Synopses & Reviews
According to the contributors to this volume, the relationship of Buddhism and the arts in Japan is less the rendering of Buddhist philosophical ideas through artistic imagery than it is the development of concepts and expressions in a virtually inseparable unity. By challenging those who consider religion to be the primary phenomenon and art the secondary arena for the apprehension of religious meanings, these essays reveal the collapse of other dichotomies as well. Touching on works produced at every social level, they explore a fascinating set of connections within Japanese culture and move to re-envision such usual distinctions as religion and art, sacred and secular, Buddhism and Shinto, theory and substance, elite and popular, and even audience and artist. The essays range from visual and literary hagiographies to No drama, to Sermon-Ballads, to a painting of the Nirvana of Vegetables. The contributors to the volume are James H. Foard, Elizabeth ten Grotenhuis, Frank Hoff, Laura S. Kaufman, William R. LaFleur, Susan Matisoff, Barbara Ruch, Yoshiaki Shimizu, and Royall Tyler.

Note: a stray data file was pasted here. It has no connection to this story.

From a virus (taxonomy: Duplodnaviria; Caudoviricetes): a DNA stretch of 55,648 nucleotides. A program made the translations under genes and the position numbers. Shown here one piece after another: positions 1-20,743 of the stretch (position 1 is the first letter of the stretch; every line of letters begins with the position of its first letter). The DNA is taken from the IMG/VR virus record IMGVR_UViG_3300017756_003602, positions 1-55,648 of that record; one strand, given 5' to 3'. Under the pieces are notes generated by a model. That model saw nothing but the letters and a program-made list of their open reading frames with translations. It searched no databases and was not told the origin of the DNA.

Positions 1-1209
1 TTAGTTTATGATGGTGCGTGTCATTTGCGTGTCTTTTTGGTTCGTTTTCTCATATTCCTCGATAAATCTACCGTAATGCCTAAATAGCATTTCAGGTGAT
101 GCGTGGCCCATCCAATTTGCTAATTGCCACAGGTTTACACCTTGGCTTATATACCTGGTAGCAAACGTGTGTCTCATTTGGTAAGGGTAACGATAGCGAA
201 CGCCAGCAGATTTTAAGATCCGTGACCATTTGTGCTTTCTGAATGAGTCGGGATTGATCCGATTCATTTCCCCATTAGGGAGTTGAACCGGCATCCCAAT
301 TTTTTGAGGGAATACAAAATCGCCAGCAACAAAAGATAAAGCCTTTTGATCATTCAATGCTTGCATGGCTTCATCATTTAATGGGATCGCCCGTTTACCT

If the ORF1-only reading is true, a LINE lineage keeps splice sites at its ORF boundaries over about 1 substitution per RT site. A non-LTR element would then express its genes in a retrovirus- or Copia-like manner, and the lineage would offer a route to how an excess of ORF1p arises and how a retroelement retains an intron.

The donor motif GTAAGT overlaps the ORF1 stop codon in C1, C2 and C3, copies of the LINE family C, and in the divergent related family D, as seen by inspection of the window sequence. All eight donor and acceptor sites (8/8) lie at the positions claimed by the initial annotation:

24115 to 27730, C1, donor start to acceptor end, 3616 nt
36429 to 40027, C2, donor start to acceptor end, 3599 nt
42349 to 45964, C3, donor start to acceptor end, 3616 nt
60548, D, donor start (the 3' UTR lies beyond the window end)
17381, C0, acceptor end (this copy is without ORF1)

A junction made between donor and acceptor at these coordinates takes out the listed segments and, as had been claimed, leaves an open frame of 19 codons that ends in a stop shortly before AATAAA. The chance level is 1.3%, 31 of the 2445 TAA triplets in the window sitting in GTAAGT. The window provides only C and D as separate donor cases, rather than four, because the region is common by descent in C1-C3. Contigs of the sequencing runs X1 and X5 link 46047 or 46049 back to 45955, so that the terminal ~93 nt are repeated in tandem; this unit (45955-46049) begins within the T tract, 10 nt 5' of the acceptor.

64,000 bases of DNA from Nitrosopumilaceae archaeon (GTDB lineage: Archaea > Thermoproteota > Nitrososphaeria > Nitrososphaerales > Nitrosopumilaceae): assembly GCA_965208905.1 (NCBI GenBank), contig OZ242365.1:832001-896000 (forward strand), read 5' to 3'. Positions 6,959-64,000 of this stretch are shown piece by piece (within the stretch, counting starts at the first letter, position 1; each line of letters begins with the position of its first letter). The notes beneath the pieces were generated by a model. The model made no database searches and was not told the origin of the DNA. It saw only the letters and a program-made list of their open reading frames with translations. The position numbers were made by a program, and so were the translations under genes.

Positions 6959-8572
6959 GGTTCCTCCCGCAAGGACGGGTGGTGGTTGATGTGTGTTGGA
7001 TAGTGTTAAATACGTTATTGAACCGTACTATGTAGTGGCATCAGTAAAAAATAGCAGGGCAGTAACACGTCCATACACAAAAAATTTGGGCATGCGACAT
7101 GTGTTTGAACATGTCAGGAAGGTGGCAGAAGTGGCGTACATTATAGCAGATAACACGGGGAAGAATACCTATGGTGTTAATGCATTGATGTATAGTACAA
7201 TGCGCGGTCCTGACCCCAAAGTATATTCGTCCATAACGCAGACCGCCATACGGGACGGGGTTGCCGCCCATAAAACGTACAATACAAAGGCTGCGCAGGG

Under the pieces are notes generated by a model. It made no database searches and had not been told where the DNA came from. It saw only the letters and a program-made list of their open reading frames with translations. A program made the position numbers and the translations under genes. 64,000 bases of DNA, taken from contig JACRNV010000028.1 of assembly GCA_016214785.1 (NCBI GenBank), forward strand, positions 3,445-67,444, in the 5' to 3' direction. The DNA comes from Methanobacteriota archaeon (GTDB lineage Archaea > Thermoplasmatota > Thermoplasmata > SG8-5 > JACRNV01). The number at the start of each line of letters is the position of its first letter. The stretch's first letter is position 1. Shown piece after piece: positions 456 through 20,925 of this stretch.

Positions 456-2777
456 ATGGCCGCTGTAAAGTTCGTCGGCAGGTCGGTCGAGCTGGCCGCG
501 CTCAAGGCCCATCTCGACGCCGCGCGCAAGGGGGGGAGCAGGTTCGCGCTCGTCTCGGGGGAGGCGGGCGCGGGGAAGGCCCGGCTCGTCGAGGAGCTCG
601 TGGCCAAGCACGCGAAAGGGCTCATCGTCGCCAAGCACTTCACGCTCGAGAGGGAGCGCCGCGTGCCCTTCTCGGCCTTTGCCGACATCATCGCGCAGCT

Originally published in 1992.
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Table of Contents
|List of Illustrations|
|1||Symbol and Yugen: Shunzei's Use of Tendai Buddhism||16|
|2||Nature, Courtly Imagery, and Sacred Meaning in the Ippen Hijiri-e||47|
|3||Prefiguration and Narrative in Medieval Hagiography: The Ippen Hijiri-e||76|
|4||Coping with Death: Paradigms of Heaven and Hell and the Six Realms in Early Literature and Painting||93|
|5||Seeing and Being Seen: The Mirror of Performance||131|
|6||"The Path of My Mountain": Buddhism in No||149|
|7||Chujohime: The Weaving of Her Legend||180|
|8||Multiple Commemorations: The Vegetable Nehan of Ito Jakuchu||201|
|9||Holy Horrors: The Sermon-Ballads of Medieval and Early Modern Japan||234|